PARK SLOPE — The presumed principal of Park Slope's new P.S. 118 says she'll use a "multicultural approach" to prep students for college and the world.
Elizabeth Garraway — who's expected to take the reins at the new school but hasn't been officially appointed principal yet — spoke to hundreds of parents at a packed open house Wednesday night at P.S. 118, which will open this fall in the former St. Thomas Aquinas school building at 211 Eighth St.
The new school was created during a contentious rezoning process last fall that shrunk the zones for popular P.S. 321 and P.S. 107 and enlarged the zone for P.S. 10. The new school will serve kids who until now had lived on the western side of P.S. 321's zone, roughly between Third and Fourth avenues and President and Sixth Street.
Many parents were bitterly disappointed to be cut out of P.S. 321's zone — especially those who had bought or rented homes specifically to be in the high-performing school's zone. But at Wednesday's meeting some parents said they were putting that setback behind them to focus on making P.S. 118 into Park Slope's "next great school."
"We do have a unique opportunity to build something new, something fresh together," Garraway said, adding that she's already met several times with parents to make plans for the new school.
Garraway is currently an assistant principal at P.S. 321 and told parents she may hire a teacher or two from P.S. 321. She'll also work closely with P.S. 321 principal Liz Phillips, who will mentor Garraway through a special program for the next three years.
"I'm really excited about working with Elizabeth and her staff and the whole community to make this another great Park Slope school," Phillips said. "It's a very, very exciting endeavor and I'm kind of jealous of [Garraway] that she's going to have a nice, small community where she's going to know every child so well."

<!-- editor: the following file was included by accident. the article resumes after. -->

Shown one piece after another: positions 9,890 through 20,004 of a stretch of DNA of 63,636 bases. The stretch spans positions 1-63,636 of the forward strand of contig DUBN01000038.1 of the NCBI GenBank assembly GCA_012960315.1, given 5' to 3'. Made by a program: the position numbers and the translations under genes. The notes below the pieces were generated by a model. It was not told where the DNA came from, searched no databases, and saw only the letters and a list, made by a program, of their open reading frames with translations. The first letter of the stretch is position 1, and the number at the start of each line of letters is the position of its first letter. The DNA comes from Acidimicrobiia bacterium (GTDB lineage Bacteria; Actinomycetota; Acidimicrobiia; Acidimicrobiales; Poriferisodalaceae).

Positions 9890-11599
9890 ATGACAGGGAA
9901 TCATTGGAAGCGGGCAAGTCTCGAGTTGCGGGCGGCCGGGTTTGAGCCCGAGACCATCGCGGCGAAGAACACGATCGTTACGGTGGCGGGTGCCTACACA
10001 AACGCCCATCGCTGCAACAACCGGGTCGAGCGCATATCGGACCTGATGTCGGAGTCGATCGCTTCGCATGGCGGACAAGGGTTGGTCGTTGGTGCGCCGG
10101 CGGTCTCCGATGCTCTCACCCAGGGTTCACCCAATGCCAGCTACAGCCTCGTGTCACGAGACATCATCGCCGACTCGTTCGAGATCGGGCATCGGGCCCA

P.S. 118 will have just 50 kindergarten students divided into two classes in the fall of 2013, Garraway said. The school will have one full-day pre-K class of 18 students, and Garraway has requested a second class.
Garraway, a graduate of Midwood High School who's worked in public education for 17 years, said she has a master's degree in Spanish language and literature and anthropology and studied in Europe for seven years. She said she'll draw on her international experiences at P.S. 118 and plans to "infuse" the school with Spanish, perhaps by making morning announcements in Spanish or by teaching songs in Spanish.
"My background is in language, culture and people, and what's important to me is to use that background in the work that I do," Garraway said. She said she'll use a "multicultural approach" throughout the school — in reading, math, literature, science and "everything that we do in the classroom and outside of the classroom."
Garraway said she plans to use the Everyday Mathematics math curriculum and said science instruction will start at the pre-K level. P.S. 321 will be a "sister school" to P.S. 118, but Garraway said she'll also reach out to other neighborhood schools like P.S. 39 to form partnerships. She's working on developing a "Meet the Writers" program and has contacted the YMCA and Bean Sprouts about possible after-school programs.
Currently the St. Thomas Aquinas building houses P.S. 133, which has 17 classes, but Garraway said she's been told P.S. 118 will eventually grow to 14 classes. That will leave room in the building for extras like an art studio, she said.
"We will put out kids who are college ready, who are ready for the world," Garraway said.
Parents have already formed a group called P.S. 118 Founding Families whose mission is to funnel money and resources to the fledgling school. The group has plans to improve P.S. 118's playground and to build a learning garden. About 50 families have already signed up for the group, leaders said at Wednesday's open house.
Mom Jane-Marie Hitch said she left the open house feeling "positive" about P.S. 118. Hitch and her husband moved to Park Slope in July 2012 and specifically chose a home inside the coveted P.S. 321 zone. Just three months later, the Department of Education unveiled a new zone for the school that cut Hitch's family out.
"When I first heard the news, I was shocked and upset, but after being here and learning about Ms. Garraway, it sounds really promising," Hitch said. "In fact, it could be even better [than P.S. 321] because of the smaller size."